As the Senate debates Internet regulation this week, the big issue is equal access to services.
Call it a battle for the future of the Internet.
As the Senate takes up the first overhaul of the nation's telecommunications laws in a decade, this week's debate will pitch one of the most unlikely lineups in recent political history against an entrenched industry lobby.
On one side: the big phone companies and cable providers, who want Congress to help them speed up the move into the video market and keep government regulation at a minimum. It's one of the most well-funded and experienced industry groups on Capitol Hill.
On the other side: those who use their services, who want Congress to make sure that the Internet does not become a fast lane for those who can pay – and a dirt road for those who can not. The Save the Internet Coalition includes Google Inc., Amazon.com, Microsoft, and eBay, thousands of bloggers, and more than 700 groups. It's one of the most diverse coalitions ever to lobby a bill.
At stake is whether the Baby Bells and cable companies can charge more for fast, reliable service or "discriminate" against online competitors. Groups ranging from the Christian Coalition, Gunowners of America, and Moveon.org – which are bookends on most other issues – want the government to ensure "network neutrality."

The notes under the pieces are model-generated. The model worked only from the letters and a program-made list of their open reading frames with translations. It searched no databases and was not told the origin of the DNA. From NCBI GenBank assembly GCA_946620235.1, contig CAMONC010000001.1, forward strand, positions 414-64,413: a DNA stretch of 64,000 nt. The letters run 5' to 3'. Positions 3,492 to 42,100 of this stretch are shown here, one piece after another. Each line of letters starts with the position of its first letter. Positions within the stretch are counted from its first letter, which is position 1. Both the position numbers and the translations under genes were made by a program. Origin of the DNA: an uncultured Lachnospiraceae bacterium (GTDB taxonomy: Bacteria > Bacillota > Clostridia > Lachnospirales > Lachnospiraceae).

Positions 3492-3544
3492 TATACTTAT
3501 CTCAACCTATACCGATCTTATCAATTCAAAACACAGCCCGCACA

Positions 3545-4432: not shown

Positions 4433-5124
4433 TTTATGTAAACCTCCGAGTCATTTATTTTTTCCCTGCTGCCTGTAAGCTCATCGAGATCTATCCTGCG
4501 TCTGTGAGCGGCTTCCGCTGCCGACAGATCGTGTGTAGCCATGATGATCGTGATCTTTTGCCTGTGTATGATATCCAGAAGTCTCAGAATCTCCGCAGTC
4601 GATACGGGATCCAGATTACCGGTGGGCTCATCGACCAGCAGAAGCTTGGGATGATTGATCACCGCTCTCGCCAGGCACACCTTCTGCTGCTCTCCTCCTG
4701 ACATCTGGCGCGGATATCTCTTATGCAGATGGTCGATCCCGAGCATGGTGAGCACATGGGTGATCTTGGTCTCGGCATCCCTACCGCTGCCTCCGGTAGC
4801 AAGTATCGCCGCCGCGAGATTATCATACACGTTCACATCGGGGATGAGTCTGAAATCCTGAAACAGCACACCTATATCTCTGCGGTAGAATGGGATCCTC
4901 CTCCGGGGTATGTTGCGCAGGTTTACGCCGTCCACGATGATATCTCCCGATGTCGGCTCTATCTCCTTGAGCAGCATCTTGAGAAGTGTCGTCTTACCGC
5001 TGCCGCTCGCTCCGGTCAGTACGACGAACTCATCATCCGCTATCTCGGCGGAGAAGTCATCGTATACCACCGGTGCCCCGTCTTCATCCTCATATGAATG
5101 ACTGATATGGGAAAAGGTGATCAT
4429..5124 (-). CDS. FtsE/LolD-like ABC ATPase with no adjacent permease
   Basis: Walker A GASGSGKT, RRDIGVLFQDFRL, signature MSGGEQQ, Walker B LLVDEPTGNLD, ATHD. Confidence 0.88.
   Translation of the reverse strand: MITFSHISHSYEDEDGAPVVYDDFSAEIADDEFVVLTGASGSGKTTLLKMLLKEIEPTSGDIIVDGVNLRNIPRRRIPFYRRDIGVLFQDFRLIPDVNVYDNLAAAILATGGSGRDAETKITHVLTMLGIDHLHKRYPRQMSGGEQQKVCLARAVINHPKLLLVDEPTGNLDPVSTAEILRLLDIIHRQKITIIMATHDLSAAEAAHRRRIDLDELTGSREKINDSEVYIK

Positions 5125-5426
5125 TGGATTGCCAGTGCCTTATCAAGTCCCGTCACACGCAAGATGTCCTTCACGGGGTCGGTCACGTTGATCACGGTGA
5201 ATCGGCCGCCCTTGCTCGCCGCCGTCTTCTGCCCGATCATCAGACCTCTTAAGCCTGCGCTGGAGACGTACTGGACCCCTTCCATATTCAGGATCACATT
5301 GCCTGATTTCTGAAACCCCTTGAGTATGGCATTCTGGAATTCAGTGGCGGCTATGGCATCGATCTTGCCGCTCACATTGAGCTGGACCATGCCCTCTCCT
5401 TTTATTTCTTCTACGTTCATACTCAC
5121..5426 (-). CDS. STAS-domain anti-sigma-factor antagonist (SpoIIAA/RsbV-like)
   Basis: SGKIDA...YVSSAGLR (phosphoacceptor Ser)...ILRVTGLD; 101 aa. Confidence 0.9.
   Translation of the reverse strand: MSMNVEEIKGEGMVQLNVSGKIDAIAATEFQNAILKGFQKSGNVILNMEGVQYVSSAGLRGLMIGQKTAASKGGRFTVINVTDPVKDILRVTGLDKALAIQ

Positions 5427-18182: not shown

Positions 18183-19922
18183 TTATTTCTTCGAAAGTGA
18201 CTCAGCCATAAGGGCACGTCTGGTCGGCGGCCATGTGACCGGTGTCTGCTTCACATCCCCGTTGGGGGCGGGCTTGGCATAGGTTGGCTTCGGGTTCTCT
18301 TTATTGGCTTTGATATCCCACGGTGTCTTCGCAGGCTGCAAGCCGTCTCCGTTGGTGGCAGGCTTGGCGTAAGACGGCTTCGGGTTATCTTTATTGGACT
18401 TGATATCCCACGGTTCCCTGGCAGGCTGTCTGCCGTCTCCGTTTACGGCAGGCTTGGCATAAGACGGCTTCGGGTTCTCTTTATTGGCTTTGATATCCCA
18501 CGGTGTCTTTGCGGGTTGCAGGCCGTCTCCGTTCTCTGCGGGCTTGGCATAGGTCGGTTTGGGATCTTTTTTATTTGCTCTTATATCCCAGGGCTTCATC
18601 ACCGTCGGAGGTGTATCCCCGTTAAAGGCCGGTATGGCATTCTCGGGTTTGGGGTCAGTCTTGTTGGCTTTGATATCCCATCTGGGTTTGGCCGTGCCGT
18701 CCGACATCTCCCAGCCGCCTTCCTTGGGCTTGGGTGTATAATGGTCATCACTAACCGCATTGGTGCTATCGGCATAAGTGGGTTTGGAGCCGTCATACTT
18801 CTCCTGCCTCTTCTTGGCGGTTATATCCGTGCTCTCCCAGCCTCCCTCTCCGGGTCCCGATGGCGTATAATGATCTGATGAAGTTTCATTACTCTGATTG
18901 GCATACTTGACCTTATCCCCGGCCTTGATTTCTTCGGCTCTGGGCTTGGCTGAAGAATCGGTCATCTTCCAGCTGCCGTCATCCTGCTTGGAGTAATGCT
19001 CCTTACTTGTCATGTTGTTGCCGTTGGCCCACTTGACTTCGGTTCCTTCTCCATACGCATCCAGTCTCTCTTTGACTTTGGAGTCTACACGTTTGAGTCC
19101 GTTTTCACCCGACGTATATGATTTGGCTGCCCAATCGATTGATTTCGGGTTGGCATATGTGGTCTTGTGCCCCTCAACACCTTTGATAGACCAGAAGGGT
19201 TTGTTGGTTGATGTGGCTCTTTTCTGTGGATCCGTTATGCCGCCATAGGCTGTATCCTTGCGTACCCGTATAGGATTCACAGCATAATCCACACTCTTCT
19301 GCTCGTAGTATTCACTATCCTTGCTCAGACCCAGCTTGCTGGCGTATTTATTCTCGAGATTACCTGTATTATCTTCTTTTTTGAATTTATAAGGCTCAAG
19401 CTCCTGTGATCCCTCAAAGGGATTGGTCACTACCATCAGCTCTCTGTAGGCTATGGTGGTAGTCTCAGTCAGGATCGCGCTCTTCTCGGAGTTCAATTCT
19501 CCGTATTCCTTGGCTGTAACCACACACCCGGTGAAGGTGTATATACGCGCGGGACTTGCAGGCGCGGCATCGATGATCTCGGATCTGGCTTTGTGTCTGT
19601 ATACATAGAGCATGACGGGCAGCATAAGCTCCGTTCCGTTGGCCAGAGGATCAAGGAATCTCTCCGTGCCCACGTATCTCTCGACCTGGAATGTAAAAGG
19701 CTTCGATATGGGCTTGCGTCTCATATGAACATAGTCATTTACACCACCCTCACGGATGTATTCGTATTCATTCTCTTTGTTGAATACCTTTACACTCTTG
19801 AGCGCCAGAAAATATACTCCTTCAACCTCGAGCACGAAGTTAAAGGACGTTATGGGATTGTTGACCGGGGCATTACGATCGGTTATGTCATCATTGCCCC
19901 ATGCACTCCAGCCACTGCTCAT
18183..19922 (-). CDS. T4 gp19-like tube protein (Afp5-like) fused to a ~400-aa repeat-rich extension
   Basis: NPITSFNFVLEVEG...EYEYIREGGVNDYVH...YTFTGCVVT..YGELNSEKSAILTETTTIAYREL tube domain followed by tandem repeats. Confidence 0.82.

This week, the Senate Commerce Committee marks up its version of this bill. A draft released Monday includes a new Internet Consumer Bill of Rights, including a change to the Federal Communications Commission to "preserve the free flow of ideas and information on the Internet" and to "promote public discourse."
Groups lobbying for guarantees of network neutrality say that doesn't go far enough. "Despite that list of protections, there is no protection from discrimination by telephone or cable companies in favor of companies in which they have a financial interest or receive extra payments," says Art Brodsky, spokesman for Public Knowledge, an advocacy group that works in telecommunications and intellectual property issues.
"It doesn't give the egalitarian access we have now. Any time you see the Christian Coalition and Moveon.org agreeing on anything, you know something important is on the line," he adds.